I just read a zine/art text from Edition MK: DDDDoomed—Or, Collectors & Curators of the Image: A Brief Future History of the Image Aggregator, which forms Vol. I of VIII of a series titled Img Ctrl—texts regarding the contemporary image world.
Looking back at Image Aggregators (or IA, as it's referred to) from the supposed future, the argument is made that Tumblr et al destroyed contemporary visual art and the art of curation. The main culprit seems to be the IA, FFFFound!, inspiring the title, DDDDoomed. FFFFound! is an aggregation of images, mostly random, that tend to fit a certain aesthetic. Tumblr and its ilk started out inoccuous enough, but turned into an "all out style-fest." This aesthetic seems to fit what the text refers to as "hipster capital," (as opposed to cultural capital) sort of hilariously exemplified as,
"They would've effortlessly clicked their little 'like' and 'reblog' buttons in response to some viral image, posted by some anonymous, reactionary IA supporter on his Tumblr blog, of some skinny, half-naked, tousled-haired, Brooklyn-girl, shot Terry Richardson style and wearing a screen-printed t-shirt emblazoned with some snarky referential one-liner like 'I FFFFind Therefore I Am" (p.3).To better explain the microblogging platform Tumblr, or other IAs, in the sense they are being referred to here, they are kind of like scrapbooks... but scrapbooks without any contextual meaning. On Tumblr, you can collect and compile a variety of images, quotes, or video, which can be original, swiped with or without attribution, or "reblogged." If you see another Tumblr with an image you like, there is simply a button you can click to have it reposted, or "reblogged" on your Tumblr. You can also "like" content. This could be considered curation, but DDDDoomed quotes Christian Brändle to counter this with, "Those who curate... also comment...; they evaluate, and thus it is indispensible that collectors know the background of their objects" (p.3). Although this is in regard to museums, the text argues IA's curation contributions are to the World Wide Web.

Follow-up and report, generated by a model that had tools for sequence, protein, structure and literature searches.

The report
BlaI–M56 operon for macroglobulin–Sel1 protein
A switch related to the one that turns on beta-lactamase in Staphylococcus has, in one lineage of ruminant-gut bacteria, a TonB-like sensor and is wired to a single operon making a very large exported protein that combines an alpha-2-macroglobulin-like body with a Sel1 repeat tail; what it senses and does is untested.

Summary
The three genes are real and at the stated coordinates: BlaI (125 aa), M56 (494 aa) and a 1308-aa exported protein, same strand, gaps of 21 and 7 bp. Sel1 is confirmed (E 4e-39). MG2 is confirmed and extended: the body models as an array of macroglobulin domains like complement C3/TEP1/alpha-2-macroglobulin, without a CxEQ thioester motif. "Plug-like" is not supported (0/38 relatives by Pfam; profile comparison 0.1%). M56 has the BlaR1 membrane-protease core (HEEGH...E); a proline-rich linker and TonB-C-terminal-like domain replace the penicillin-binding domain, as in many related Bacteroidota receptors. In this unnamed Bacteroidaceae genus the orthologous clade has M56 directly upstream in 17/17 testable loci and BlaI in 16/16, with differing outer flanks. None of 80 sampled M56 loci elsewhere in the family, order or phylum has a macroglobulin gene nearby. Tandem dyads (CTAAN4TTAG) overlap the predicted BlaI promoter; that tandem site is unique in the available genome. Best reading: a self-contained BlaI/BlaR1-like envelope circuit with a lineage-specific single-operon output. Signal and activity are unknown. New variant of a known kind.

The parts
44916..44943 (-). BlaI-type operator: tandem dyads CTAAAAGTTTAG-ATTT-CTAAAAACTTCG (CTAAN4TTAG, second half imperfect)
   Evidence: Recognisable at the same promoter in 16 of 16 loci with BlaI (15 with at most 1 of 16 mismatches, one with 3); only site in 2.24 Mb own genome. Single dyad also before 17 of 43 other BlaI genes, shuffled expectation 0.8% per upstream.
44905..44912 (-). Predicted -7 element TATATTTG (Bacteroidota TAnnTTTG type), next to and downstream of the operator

However, DDDDoomed compares IA "curators" to "wealthy collector[s] of Renaissance painting[s] [rather] than with the visual anthropologist out to record our cultures" (p.17). So with this collecting of hipster capital, the argument is made that the purpose of (most of) these IAs is more so to feed a personal brand, rather than to contribute to culture.
IAs promote anonymity and the erasing of authorship through their format, which the text relates to playing telephone.These IAs, could have used "ordering interventions" that contemporary artists employ to respond to visual overload, such as appropriation, archiving, collage and bricolage, and typology (p.48-50). Instead, the IA is, more interested in, "solidifying their own authorial claims on the selection and arrangement of images that were, in most cases, never theirs to begin with" (p.67).
I enjoyed reading this zine because I do have Tumblr accounts, one being Librarian Wardrobe, and also a personal one that I have more recently abandoned. I also think it's both good and bad how IAs erase metadata and make content more "free." Sometimes, it can be used in the sense of culture jamming; regardless of understanding the creation story of the artifact, using it in a different context can provide revitalized meaning; at the same time, not understanding the background of an image makes appropriation of it somewhat irrelevant. Often, Tumblrs are "style-fests," but some have intrinsic value.
What are your opinions from the perspective of libraryland? What are your favorite Tumblrs and why; do your favorites have a specific curation mission or are they based on style alone?
Edit: from brief, yet engaging discussion on Facebook, seems happy medium is appreciated, where Tumblr is fun to look at, but can also view high art and "professional" curation, too. Doesn't have to be all good or all bad. Agree!